Nursing shortage affecting hospital pharmacies
Just as there is a pharmacist shortage, a paucity of nurses also exists in hospitals. How has the nursing shortage affected pharmacy operations? Drug Topics put this question to hospital pharmacists across the country, and here are their responses:
Ferena Salek, Pharm.D., pharmacy director at El Dorado Hospital in Tucson, said, " We have a big shortage of nurses at our hospital. We're not to the point of pharmacists administering drugs, to which some institutions have resorted. However, the nursing shortage has hindered the ability of pharmacy to grow more as a profession. For example, because of the lack of nurses at the patients' bedside, nurses are not as flexible using automated dispensing units for the majority of their patients' drugs.
"But the nursing shortage has also caused our pharmacists to grow, as a profession, in some areas, because pharmacists can now become more involved in direct patient care activities. They are also relied upon more for drug information questions. It's definitely a give-and-take and just depends on the situation," she said.
At the University of Kentucky Hospital in Lexington, Kimberley Hite, M.S., Pharm.D., associate director of inpatient pharmacy services, said that one thing pharmacy has done to help alleviate the nursing shortage is "to utilize our automated dispensing machine to improve the drug turnaround time. We also have pharmacists up on the patient care units. They have a computer PC, but, basically, they're decentralized pharmacists who go between units. They're still responsible for order entries, but they are either rounding with physicians or interacting with the nurses and the patients to provide drug information and answer questions."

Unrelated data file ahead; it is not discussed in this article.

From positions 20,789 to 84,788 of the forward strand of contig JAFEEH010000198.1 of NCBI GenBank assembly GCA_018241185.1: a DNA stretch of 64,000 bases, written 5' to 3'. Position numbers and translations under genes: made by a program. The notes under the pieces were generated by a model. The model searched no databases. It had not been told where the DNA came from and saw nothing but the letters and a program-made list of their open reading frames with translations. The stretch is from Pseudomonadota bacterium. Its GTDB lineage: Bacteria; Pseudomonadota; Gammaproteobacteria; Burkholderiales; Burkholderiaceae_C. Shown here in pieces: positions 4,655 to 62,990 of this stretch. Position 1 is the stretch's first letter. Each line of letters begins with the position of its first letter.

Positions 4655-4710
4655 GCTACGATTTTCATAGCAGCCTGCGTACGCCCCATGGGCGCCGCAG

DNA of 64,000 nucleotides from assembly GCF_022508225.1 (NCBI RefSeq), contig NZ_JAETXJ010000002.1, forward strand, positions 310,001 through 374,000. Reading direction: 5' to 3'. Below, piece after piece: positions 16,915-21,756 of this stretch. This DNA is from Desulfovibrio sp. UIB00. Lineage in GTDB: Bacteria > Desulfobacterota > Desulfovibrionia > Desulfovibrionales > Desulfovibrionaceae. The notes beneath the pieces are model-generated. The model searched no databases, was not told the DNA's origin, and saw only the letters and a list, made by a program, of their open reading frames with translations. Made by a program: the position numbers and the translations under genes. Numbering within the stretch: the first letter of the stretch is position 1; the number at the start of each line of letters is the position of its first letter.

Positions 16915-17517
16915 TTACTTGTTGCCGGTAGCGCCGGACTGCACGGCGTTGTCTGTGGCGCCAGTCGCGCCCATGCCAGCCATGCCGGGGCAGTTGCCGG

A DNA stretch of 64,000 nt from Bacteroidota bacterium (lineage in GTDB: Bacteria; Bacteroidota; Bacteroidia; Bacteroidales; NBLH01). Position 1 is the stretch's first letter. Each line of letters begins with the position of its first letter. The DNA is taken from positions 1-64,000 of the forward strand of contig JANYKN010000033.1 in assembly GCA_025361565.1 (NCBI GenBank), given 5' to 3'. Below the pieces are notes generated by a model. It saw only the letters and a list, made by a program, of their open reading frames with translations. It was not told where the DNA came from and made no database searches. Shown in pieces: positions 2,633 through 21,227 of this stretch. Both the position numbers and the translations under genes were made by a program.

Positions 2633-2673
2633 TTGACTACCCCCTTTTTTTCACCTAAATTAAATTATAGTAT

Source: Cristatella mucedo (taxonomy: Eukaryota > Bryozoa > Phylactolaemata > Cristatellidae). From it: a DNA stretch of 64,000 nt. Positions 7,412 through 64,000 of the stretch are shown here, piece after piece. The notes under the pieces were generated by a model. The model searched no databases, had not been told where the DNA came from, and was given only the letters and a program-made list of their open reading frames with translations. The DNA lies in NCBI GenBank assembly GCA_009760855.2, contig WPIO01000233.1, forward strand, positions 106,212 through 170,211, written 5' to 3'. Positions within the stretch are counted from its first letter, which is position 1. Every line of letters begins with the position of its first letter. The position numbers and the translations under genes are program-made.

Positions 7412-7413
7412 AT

At the Medical Center in Columbus, Ga., Lynn Chestnutt, R.Ph., quality management coordinator of the pharmacy department, told Drug Topics that, although the possibility of pharmacists helping out by administering drugs has been considered there, so far such procedure has not actually been activated. "The nursing shortage has a direct effect on patient care," she said. "The pharmacy can have medication prepared and ready, but if there's no nurse to take it from there and administer it to the patient, the patient suffers. At our hospital we've already implemented a nurse-to-patient ratio, and we sometimes have to defer patients."
Concern over the nursing shortage is so keen in California that the state has passed a law requiring a nurse-to-patient ratio of one to six; the law takes effect next year. Several other states are considering pushing through similar legislation.
Ronald Imoto, Pharm.D., manager of Fresno, Calif.-based Community Medical Center's University Medical Center pharmacy department, is acutely aware of the nursing shortage's effect on patient care. He said, "Once orders for medication are filled by the pharmacy and sent back up to the proper floor, the nurses may not have time to meet the deadline on drug administration. This can lead to medication errors. We are trying to assist the nurse and patient care by improving our turnaround time from when the physician writes the order, pharmacy processes the medication, and sends it back to the nurse. This will allow the nurse to be more efficient with her patient care time management."
Several pharmacists contacted said that, in light of the nursing and pharmacist shortage, it would help matters if regulations pertaining to technicians were liberalized to allow pharmacists to use more of these assistants. As Steven Kozel, Pharm.D., at Encino-Tarzana Regional Medical Center in Southern California's San Fernando Valley, explained, "You have pharmacists performing lots of repetitive, mundane tasks that technicians could do, with appropriate oversight. This would free up the pharmacists to do more of what they do well, which is to review the efficacy and safety of all the medication orders physicians are prescribing, to protect the patient welfare."
Shirley Lee. Nursing shortage spurring changes in pharmacy operations.